One of Jagged Little Pill’s many memorable moments comes before the curtain has even lifted on the musical – a show written by Diablo Cody that takes Alanis Morissette’s 1995 album of the same name and uses it as the engine for an original work. On page 4 of the program, Alanis describes her memories of the beginnings of the creative process: “…I began to really think about this record… in the studio when I was nineteen years old…”
The songs she wrote on that album – reflections on heartache, hope, as well as the occasional roar of righteous anger – were rendered so well with the help of musician Glen Ballard that it can be easy to miss that Alanis was so young at the time.
With the quality of material at its source and of the creatives first bringing it to a live stage, it’s no wonder the production that finally landed at the Comedy Theatre in Melbourne was as brilliant as it was.
The musical tells the story of the Healy family, centred on the mother, Mary Jane. The family has a perfect life to hear MJ tell it: her husband Steve is successful while their children Frankie and Nick are excelling in school.
But even with MJ’s perfectionism, we start to glimpse Steve’s loneliness, Frankie’s struggles, and the pressure of expectation slowly pressing down on Nick until one awful night tests all them and their capacity for love and forgiveness and change.
The show opens with an almost nostalgic burst of three of the album’s more recognisable tracks – Right Through You, All I Really Want, and Hand in My Pocket – and proves the lyrics that were originally from a single voice are rich and malleable enough to be put into the mouths of different characters without it ever seeming too inauthentic.
Head Over Feet, is probably the weakest example of this, but only because it’s use here to both celebrate one new relationship while simultaneously lamenting another’s ruin was a contortion too far, something reflected in the number’s complicated movement.
There’s a contrast between the geometry of the set design and action on it. There’s a single beam running across the top of the set that bends slightly in the middle to resemble the frame of any domestic house. Below, the bulk of the setting is made via two large panels sliding along the rear of the stage as other items come forward and back on perpendicular lines.
Pouring out onto the stage and colouring all over those lines are the Ensemble, dressed mostly like an early Eddie Vedder cheer squad – a mid-90s grunge-inspired collection of plaid, dark colours, and dark denim.
The Ensemble are used well to serve the needs of each scene and keep things going, such as smaller speaking roles, stylistic sequences, or the hilarious setting of Ironic in a high school English classroom.
In lesser hands Mary Jane might feel more karaoke than character, but Natalie Bassingthwaighte does terrific work as MJ with a wonderful performance that held every moment it had to, whether vocally in an explosive moment of catharsis or just the smallest physical gesture, showing the burden on MJ of weathering such emotional havoc over so many years.
Helping MJ recover from that burden is her husband, Steve. While depicted at first as a series of Steve The Business Man Looks Sad tableaux, the character is certainly not cartoonish and Tim Draxl gave a great performance of a father desperate to save his family. Despite Alanis’ lyrics requiring more fiddling than others to fit Steve’s mouth, Tim made every one strong and organic.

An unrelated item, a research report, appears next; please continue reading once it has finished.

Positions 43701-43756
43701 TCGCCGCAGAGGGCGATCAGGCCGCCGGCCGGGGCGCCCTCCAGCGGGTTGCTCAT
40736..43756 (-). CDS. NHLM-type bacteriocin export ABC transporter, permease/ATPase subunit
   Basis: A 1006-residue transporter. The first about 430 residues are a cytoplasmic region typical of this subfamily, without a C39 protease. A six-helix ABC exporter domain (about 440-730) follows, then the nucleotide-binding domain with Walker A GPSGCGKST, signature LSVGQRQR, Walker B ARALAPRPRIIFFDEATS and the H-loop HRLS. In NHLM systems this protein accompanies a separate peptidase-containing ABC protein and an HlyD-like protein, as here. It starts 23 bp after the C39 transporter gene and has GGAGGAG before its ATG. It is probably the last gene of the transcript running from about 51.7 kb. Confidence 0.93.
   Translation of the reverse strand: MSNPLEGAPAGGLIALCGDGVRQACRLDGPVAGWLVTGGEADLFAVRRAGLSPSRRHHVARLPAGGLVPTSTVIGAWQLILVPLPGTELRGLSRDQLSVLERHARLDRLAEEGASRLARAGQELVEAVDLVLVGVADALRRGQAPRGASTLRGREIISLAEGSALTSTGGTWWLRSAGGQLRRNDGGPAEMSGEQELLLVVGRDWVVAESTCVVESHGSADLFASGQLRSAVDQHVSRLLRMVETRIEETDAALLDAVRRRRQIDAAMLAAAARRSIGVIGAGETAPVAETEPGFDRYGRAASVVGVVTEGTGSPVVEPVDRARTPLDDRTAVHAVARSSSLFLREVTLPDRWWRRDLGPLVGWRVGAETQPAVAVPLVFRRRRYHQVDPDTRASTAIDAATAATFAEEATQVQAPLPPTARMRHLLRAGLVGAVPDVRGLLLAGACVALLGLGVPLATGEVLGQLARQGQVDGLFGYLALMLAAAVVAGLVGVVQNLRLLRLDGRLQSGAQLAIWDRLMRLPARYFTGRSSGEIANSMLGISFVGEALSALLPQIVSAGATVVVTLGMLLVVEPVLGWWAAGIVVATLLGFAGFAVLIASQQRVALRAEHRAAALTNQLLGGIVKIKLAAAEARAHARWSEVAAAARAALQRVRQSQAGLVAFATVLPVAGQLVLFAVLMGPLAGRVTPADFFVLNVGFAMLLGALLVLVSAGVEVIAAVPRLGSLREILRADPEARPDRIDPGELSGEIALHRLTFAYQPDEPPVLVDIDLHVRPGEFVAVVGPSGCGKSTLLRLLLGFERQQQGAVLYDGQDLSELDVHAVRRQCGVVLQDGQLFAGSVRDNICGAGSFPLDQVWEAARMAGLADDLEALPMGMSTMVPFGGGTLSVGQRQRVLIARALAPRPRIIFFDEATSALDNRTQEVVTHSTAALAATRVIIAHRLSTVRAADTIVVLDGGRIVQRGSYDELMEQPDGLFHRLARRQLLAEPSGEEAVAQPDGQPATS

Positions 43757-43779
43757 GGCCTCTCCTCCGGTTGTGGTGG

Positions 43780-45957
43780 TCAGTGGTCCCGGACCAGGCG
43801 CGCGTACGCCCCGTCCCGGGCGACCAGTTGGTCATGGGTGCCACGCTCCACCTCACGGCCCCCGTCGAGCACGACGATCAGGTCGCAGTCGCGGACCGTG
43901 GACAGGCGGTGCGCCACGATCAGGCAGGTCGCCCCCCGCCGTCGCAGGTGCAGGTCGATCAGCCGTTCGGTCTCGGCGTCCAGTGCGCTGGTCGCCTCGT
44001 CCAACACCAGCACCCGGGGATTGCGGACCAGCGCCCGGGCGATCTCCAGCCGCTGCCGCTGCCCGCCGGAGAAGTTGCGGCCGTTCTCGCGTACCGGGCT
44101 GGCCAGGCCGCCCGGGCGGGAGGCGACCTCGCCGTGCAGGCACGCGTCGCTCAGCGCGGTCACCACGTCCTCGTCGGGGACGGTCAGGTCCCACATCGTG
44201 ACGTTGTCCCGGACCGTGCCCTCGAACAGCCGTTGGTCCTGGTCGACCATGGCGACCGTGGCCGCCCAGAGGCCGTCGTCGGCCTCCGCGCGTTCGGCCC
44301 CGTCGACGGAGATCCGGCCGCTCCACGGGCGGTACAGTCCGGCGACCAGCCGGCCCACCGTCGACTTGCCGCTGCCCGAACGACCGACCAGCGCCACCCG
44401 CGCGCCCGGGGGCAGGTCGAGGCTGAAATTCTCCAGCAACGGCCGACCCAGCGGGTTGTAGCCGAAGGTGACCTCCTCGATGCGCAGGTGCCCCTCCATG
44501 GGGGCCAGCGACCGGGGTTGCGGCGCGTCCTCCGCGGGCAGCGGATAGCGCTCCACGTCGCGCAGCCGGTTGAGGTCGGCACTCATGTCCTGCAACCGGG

The small troubles affecting Frankie and Nick are little in comparison to the trauma they’re soon caught up in, and while at times the characters doubt their own resilience, performers Emily Nkomo and Liam Head were both compelling in their respective roles.
The show’s remaining heart was made from Grace Miell’s spare yet devastating performance as Bella, and Maggie McKenna’s performance as Jo. I honestly cannot remember when another production would have received a mid-show standing ovation, but even if there were none could have matched the explosive reaction Maggie received at the end of You Oughta Know.
With no other tools than their body and an extraordinary voice, Maggie took an already blistering polemic and set it ablaze. Maggie’s breath to deliver the final line of the song had not yet left their body before thousands of audience were on their feet in appreciation, as we all were again a few songs later and the curtain.
Jagged Little Pill takes an album so of its moment and refashions it into something original for today that isn’t afraid to engage confront. Our final sight of the cast was a row of expressions of relief and gratitude, the latter given back to them in prodigious amounts by crowd hopefully that more of Melbourne’s performing heart is returning and not before too long.
Jagged Little Pill
Comedy Theatre, 240 Exhibition Street, Melbourne
Performance: Sunday 16 January 2022
Season continues to 16 March 2022
Following its Melbourne season, Jagged Little Pill will play Perth’s Crown Theatre from 14 May and a return season at Theatre Royal Sydney from 9 July 2022. For more information, visit: www.jaggedmusical.com for details.
Images: Jagged Little Pill Australian Cast | Liam Head, Emily Nkomo, Natalie Bassingthwaighte and Tim Draxl | Maggie McKenna and cast – all photos by Daniel Boud
Review: David Collins